Chaise

IN PRAISE OF THE

A chaise longue says everything that needs to be said relaxing out of doors. Now stop talking, and lie down.

Focus On Furniture

April 14, 2002|By Elaine Markoutsas | By Elaine Markoutsas,Universal Press Syndicate

Along with the hammock, there may be no better icon of idyllic summer relaxation than the chaise. The outdoor recliner goes where its indoor cousin doesn't -- all the way down, fashioning a bed designed for sun, shade and gentle breezes.

This staple of casual living got its adjustability only when it moved outdoors. The history of the chaise longue as a piece of furniture originates in living areas inside the home. Some credit the Swiss architect Le Corbusier, along with Swiss architect Pierre Jeanneret and French designer Charlotte Perriand, with its invention in 1928.

Their sleek look was constructed of a tubular steel frame with leather seating and epitomized modern furniture design. An older relative of the chaise is the elegant steamer chair, long popular and still a fixture on cruise ship decks.

Indoors, the chaise was found in salons as far back as the 18th century, virtually indistinguishable from the recamier, an asymmetric, one-armed sofa.

Most of the moving and shaking in design, however, has focused on the outdoor chaise longue (pronounced shez long or, more recently, shaze lounge). There's one for nearly every casual furniture collection. As the trend moves toward integrating indoor and outdoor looks, style options match the mood and palette that flow through a house and into the yard.

The chaise moved outside as the casual furniture industry developed after World War II. As people began to spend more leisure time outdoors, they began dragging indoor furniture into their yards and, later, around their pools.

Chaise choices include wood (usually teak, and in order to respect the world's rain forests, look for plantation-grown teak), metal (wrought iron, aluminum, even stainless steel), resin and plastic, wicker and rattan (some treated for exposure to the elements and suitable for outdoor use). There's a wide selection of styles, from traditional to modern.

As the casual furniture industry has grown, the styles have grown up, offering sophistication in form as well as a more extensive color palette in outdoor fabrics. There's a new breed of luxury leisure furniture that blends fashion, grand proportion and indoor comfort.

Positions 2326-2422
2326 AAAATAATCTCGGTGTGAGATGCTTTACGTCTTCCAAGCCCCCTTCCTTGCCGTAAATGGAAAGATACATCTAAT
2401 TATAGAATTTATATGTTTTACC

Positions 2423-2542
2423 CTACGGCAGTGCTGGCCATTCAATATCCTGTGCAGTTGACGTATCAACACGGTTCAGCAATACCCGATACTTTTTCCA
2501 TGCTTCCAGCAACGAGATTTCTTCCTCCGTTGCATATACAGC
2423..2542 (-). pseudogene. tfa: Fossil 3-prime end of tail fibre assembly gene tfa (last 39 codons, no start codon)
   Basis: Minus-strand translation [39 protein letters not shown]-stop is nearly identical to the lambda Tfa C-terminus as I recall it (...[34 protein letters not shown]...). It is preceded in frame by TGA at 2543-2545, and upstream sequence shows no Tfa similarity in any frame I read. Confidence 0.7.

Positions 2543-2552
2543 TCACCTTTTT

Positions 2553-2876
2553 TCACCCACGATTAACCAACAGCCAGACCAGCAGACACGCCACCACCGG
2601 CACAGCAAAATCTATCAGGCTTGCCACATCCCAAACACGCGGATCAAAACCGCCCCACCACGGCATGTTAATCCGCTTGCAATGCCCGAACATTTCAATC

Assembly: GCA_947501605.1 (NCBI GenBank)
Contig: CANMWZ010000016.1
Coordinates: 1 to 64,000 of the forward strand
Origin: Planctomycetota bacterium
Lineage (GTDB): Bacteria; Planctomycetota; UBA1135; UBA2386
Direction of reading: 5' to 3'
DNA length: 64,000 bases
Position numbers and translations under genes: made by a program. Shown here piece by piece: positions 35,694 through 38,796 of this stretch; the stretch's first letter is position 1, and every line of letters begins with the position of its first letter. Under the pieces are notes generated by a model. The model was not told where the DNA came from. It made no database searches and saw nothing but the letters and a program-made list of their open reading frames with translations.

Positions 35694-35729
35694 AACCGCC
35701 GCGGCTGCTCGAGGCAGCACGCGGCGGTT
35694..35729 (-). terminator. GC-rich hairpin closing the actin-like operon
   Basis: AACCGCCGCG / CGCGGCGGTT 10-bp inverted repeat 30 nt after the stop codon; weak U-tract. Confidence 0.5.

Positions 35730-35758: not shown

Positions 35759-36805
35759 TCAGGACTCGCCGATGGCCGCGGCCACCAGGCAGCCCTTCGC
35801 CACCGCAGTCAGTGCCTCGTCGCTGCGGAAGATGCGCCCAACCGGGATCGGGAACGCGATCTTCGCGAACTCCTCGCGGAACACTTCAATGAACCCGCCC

"The chaise longue epitomizes luxury leisure time at home," says Richard Frinier, president of Design Resources and creative director and chief designer for Brown Jordan, a high-end casual furniture manufacturer.

Luxury isn't a word that comes to mind when one thinks of the popular inexpensive chaises with webbing over aluminum. Design has come a long way since such pieces were introduced as "lawn furniture." Now manufacturers are designing for the outdoor room, whether it's a patio, terrace, deck or pool area, and the space is likely to be furnished with a grouping that includes tables and chairs, ottomans and, of course, chaises.

A craving for stainless steel in the kitchen, which moved outdoors to grills and accessories, is reflected in furniture as well. Brown Jordan and McGuire both have introduced sleek designs in weather-resistant steel.

Another intriguing direction mixes materials, sometimes in unexpected pairings. Teaming teak and aluminum, for example, has the same effect as wood cabinetry warming steel appliances.

Brown Jordan introduced chaises and companion pieces in a series of metallic neutrals that include anthracite, bronze and copper. Its manufacturing technique allows light to pass through the color tint to the metal frame and back to the eye.

Crate & Barrel's spring catalog features a handsome hand-forged and welded steel chaise. An antique pewter finish gives it the look of fine furniture, enhanced by a box-edged cushion.

With the beefier chaises as well as those more delicate, a new form has evolved: the double chaise. This either takes shape as a wide lounge, like a chair and a half, or two chairs in one, each with its own reclining mechanism.

Patterns and colors in outdoor fabrics are no longer limited to primary colors or florals. Tropical patterns like those of Tommy Bahama shirts and even French-inspired toiles also might be found in the outdoor room containing a chaise.

Beyond the frames, finishes and cushion fabrics, manufacturers are offering such amenities as pullout or clip-on trays for cold drinks, snacks, books or sunscreen.

With such creature comforts added to the cozy chaise, lounge lizards have it made in the shade -- or sun, or even under the stars.

Sources

Barlow Tyrie USA 800-451-7467, www.teak.com

Brown Jordan 800-743-4252, www.brownjordan.com

Crate and Barrel 800-996-9960, www.crateandbarrel.com

Ethan Allen Inc. 800-228-9229, www.ethanallen.com

McGuire Furniture Co. 800-662-4847, www.mcguirefurniture.com

Smith & Hawken 800-776-3336, www.smithandhawken.com

Sutherland Teak Collection 800-717-8325, www.sutherlandteak.com

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